A common way to run containers in the AWS cloud is to use Elastic Container Service (ECS). ECS is a fully managed container orchestration service that makes it easy to deploy, manage, and scale containerized applications.
It is best practice and common to run this infrastructure behind security guardrails like strict security groups and private subnets.
Also, a routine for many System's administrators and Developers, is to connect to servers that run their company's software in order to troubleshoot, validate output and even install dependencies. If you have your systems running in a private network, you got a few options to allow communication to hosts in that network:
- Add a bastion host or jump server.
- Connect a site-2-site VPN.
- Remote access VPN.
- Allow IP(s) address in the server's security group.
All these options are valid and proved to work over the years, but they come with some costs that in the short to mid-term you start to deal with:
- Hard implementation.
- Fragile firewall configuration.
- Yet, another server to secure and maintain.
In this example, we will run Wiretrustee client configured as a daemon set in ECS deployed with Terraform.
This allows you to:
- Run Wiretrustee as an ECS native service, you can manage and maintain it the same way you do with your other services.
- Connect to EC2 running on private subnets without the need to open firewall rules or configure bastion servers.
- Access other services connected to your Wiretrustee network and running anywhere.
- Terraform > 1.0.
- A Wiretrustee account with a Setup Key.
- Another Wiretrustee client in your network to validate the connection (possibly your laptop or a machine you are running this example on).
- The AWS CLI installed.
- An AWS account.
- Your AWS credentials. You can create a new Access Key on this page.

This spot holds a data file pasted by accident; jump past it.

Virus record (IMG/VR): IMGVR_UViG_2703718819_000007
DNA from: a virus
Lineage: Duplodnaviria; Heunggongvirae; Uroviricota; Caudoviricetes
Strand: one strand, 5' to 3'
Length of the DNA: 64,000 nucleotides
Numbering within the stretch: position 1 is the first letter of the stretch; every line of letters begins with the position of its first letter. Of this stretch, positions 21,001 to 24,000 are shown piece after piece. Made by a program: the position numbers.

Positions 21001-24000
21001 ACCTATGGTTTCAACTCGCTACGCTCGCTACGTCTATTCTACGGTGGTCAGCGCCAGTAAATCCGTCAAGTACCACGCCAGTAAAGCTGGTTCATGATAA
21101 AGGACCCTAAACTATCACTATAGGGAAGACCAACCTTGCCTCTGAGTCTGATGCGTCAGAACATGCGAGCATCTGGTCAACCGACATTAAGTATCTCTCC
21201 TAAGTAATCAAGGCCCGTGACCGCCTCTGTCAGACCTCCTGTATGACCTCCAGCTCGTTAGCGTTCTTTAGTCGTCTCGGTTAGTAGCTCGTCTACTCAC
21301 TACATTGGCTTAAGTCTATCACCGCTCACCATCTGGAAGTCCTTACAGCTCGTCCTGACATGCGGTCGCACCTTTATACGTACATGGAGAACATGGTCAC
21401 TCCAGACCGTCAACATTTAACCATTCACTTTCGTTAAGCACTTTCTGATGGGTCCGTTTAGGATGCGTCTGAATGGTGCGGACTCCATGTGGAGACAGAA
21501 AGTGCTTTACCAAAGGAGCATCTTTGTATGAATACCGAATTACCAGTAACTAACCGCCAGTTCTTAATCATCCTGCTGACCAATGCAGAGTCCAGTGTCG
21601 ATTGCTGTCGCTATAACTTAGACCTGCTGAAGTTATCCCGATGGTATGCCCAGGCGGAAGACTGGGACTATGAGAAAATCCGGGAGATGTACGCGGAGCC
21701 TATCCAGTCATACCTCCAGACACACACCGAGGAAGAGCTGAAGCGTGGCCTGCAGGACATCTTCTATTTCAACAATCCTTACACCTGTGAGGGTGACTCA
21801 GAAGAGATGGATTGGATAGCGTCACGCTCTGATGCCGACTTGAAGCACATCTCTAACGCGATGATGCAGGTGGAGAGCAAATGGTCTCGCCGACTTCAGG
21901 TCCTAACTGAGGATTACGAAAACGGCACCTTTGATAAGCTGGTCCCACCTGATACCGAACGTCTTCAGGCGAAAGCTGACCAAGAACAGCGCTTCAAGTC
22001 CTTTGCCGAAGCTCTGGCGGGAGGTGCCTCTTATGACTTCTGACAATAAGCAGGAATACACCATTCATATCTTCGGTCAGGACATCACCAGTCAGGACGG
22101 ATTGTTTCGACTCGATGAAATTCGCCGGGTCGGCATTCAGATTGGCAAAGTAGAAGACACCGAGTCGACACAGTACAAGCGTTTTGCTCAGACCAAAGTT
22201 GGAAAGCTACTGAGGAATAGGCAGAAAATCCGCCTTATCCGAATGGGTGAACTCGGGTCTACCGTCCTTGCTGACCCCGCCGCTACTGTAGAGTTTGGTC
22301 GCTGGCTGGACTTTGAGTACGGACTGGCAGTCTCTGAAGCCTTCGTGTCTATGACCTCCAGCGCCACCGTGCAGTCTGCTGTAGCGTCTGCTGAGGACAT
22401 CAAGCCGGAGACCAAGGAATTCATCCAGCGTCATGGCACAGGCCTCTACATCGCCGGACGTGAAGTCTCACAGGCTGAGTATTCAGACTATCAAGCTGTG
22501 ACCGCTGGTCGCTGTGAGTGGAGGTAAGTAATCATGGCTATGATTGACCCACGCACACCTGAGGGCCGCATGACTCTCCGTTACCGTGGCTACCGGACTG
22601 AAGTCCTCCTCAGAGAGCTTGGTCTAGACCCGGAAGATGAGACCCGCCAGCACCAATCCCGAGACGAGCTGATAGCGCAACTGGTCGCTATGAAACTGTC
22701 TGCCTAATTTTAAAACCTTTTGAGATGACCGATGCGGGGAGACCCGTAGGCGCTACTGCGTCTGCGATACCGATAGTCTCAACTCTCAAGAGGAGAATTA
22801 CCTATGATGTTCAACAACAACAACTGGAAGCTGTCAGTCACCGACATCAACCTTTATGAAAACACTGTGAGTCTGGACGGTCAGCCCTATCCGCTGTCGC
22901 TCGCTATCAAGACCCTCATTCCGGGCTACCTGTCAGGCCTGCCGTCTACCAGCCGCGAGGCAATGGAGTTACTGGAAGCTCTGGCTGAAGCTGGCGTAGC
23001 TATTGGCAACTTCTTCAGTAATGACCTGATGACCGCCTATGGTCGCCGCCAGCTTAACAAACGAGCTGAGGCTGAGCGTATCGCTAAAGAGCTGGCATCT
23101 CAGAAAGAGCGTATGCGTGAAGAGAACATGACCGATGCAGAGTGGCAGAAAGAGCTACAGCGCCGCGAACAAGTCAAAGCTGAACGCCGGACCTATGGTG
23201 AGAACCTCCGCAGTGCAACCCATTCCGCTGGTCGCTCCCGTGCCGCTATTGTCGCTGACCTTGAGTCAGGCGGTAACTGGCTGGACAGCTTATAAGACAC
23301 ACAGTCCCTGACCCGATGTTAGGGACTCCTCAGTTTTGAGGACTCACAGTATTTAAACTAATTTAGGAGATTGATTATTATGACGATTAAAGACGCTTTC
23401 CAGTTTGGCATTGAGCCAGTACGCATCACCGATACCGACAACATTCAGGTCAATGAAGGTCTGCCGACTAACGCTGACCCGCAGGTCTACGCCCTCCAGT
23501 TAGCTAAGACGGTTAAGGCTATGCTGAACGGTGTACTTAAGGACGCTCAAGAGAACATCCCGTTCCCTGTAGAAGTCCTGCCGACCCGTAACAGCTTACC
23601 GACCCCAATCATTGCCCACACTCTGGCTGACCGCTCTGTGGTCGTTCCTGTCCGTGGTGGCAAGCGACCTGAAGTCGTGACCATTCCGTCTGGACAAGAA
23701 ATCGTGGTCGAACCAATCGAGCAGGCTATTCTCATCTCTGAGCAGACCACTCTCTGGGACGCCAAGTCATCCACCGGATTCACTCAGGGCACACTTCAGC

Before getting started with this example, be aware that creating the resources from it may incur charges from AWS.
Clone this repository, download, and install Terraform following the guide here.
Using a text editor, edit the variables.tf file, and update the
wt_setup_key variable with your setup key. Also, make sure that
ssh_public_key_path variable is pointing to the correct public key path. If necessary, update the remaining variables according to your requirements and their descriptions.
Before continuing, you may also update the provider.tf to configure proper AWS region and default tags.
Creating the resources with Terraform
Follow the steps below to run terraform and create your test environment:
- From the root of the cloned repository, enter the ecs-client-daemon folder and run terraform init to download the modules and providers used in this example.
- Run terraform plan to get the estimated changes
terraform plan -out plan.tf
- Run terraform apply to create your infrastructure
terraform apply plan.tf
Validating the deployment
After a few minutes, the autoscaling group will launch an EC2 instance and there you will find the Wiretrustee's ECS Daemon service running. With that, we can go to our Wiretrustee dashboard and pick the IP of the node that is running Wiretrustee, then we can connect to the node via ssh. For Unix(s) systems:
Once you've login, you should be able to see the containers running by using the docker command:
sudo docker ps
Deleting the infrastructure resources used in the example
Once you are done validating the example, you can remove the resources with the following steps:
- Run terraform plan with the flag
terraform plan -out plan.tf -destroy
- Then execute the apply command:
terraform apply plan.tf